Civilization: Beyond Earth
The game that’s out of this world
£29.99 Developer Aspyr, aspyr.com OS OS X 10.9.5 or later Requires 2.2GHz i3 CPU or better, 4GB RAM, 8GB disk space, Intel HD 4000 graphics or better, 256MB VRAM)
Beyond Earth is largely similar to Civilization V, but set against a backdrop of colonising an alien world rather than advancing through the epochs of human history. It retains the familiar turnbased mechanics, as units are spread over a world map divided into hexagons, with the player’s micromanagement skills tested with tasks from outpost building to researching technologies of the future, managing trade routes and terraforming the alien soil to improve human survivability.
It feels more than just a highly polished mod for Civilization though, since Beyond Earth keeps things fresh by adding a few new elements to the tried and tested formula. Progress along the enormous technology tree leads to humanity’s future evolving in accordance with one of three philosophies: Harmony, Supremacy or Purity.
Faction choice affects both the visual appearance of your units, and the bonuses you receive. Harmony is a path to greater understanding of the alien lifeforms, so your units become green and adopt bug-like features. Supremacy’s mechanical approach leads to a more robotic appearance.
A lot of thought has gone into the game design, but it’s all a bit complicated to start with, and takes a few games to figure out. It can feel bland at times, which isn’t helped by the lack of any real variation between the faction leaders, aside from the graphics and speech that plays when you meet them, which is limited to no more than a few oft-repeated lines.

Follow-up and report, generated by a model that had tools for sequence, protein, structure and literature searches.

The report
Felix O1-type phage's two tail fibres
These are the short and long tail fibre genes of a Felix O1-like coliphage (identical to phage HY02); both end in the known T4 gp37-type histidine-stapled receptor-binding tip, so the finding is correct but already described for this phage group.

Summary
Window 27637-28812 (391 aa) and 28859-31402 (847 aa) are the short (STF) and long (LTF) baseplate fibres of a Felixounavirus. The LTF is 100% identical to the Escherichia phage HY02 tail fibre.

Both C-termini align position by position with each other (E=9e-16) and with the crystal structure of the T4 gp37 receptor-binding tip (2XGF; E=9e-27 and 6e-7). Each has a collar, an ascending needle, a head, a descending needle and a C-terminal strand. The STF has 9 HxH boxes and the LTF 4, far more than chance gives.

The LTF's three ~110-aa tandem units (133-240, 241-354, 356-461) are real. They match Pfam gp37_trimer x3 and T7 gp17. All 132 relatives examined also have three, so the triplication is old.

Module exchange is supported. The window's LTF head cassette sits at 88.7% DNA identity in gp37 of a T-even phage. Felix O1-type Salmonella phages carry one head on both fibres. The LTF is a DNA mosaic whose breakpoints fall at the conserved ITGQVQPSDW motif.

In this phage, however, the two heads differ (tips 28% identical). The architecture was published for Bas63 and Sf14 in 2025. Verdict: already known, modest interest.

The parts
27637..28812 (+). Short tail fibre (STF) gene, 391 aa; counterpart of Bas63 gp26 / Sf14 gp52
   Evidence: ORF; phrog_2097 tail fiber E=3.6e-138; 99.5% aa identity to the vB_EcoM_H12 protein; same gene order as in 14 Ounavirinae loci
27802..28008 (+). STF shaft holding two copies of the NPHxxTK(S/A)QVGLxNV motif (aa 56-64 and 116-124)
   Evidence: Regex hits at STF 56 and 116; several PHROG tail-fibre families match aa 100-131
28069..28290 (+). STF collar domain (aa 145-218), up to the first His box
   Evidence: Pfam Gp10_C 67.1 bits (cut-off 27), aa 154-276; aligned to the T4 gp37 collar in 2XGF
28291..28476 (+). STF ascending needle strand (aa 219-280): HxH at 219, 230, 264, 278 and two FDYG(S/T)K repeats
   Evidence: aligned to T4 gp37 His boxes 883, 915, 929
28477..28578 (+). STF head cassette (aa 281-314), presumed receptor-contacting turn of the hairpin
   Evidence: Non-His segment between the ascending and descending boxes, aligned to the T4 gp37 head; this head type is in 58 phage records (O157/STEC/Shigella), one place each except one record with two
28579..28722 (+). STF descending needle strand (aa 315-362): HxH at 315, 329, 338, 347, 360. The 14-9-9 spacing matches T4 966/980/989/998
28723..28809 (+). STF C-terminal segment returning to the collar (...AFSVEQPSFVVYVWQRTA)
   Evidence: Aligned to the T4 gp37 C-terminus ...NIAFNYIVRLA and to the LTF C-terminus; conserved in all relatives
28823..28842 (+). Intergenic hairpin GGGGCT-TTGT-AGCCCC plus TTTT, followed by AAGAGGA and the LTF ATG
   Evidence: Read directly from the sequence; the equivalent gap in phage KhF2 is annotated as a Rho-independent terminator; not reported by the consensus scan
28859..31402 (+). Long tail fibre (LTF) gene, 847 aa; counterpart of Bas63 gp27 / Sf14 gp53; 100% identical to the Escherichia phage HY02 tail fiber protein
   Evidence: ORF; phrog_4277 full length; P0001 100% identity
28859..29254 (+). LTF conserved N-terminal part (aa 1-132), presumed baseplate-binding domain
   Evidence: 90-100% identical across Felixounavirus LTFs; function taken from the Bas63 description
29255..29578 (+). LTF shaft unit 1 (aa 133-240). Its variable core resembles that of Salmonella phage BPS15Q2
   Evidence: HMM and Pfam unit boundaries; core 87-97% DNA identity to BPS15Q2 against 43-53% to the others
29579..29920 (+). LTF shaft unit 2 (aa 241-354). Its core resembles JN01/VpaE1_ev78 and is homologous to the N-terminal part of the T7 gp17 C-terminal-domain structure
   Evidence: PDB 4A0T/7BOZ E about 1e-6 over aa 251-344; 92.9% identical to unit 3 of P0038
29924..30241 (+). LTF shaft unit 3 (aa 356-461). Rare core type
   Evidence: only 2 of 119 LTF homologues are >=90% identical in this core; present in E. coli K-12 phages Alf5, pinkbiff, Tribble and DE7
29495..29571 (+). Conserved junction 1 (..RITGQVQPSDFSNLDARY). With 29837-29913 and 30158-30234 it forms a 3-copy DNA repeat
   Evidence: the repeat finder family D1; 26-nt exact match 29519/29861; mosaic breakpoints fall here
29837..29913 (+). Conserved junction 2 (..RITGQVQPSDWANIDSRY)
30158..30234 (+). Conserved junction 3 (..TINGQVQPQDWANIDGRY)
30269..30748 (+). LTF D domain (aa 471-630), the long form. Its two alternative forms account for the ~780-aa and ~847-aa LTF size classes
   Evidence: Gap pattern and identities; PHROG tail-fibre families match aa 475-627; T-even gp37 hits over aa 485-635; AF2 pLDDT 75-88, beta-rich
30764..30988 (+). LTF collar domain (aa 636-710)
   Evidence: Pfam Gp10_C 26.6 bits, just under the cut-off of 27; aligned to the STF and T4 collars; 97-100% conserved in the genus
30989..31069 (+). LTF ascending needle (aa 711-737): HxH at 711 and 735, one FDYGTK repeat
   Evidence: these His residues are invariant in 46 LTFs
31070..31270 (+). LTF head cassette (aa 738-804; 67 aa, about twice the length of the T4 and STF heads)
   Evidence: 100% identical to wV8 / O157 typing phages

Once you have a dozen cities and a living, breathing empire, ploughing through each turn gets tiresome. Workers and explorers can be automated, and the game becomes a lot faster when animations are turned off. But trade routes, an essential part of the economic game, still need to be managed manually. Hopefully Firaxis will be
Beyond Earth keeps things fresh by adding a few new elements to the tried and tested Civilization formula
able to improve this mechanic with a patch.
Performance is surprisingly good, and it ran really well on Iris graphics in a 2013 MacBook Pro. That said, we recommend avoiding play on the largest of maps if you have an older Mac.
Although we’ve moaned about some aspects of the game, it still has the same rewarding one-more-turn addictive qualities possessed by every Civilization game. It’s only been out a little over a month and we’ve already racked up over 100 hours of play. There are many different ways to win, and strategies to try out, but it’s disappointingly short of being a masterpiece when it had all the potential to be exactly that. Orestis Bastounis
Beyond Earth is a highly addictive strategy game, but given its heritage and setting it could have been far more.
Civilization players will recognise the hex grid but not the alien world on top of it.
Diplomacy runs the same course as Civilization V. Some of the responses are identical.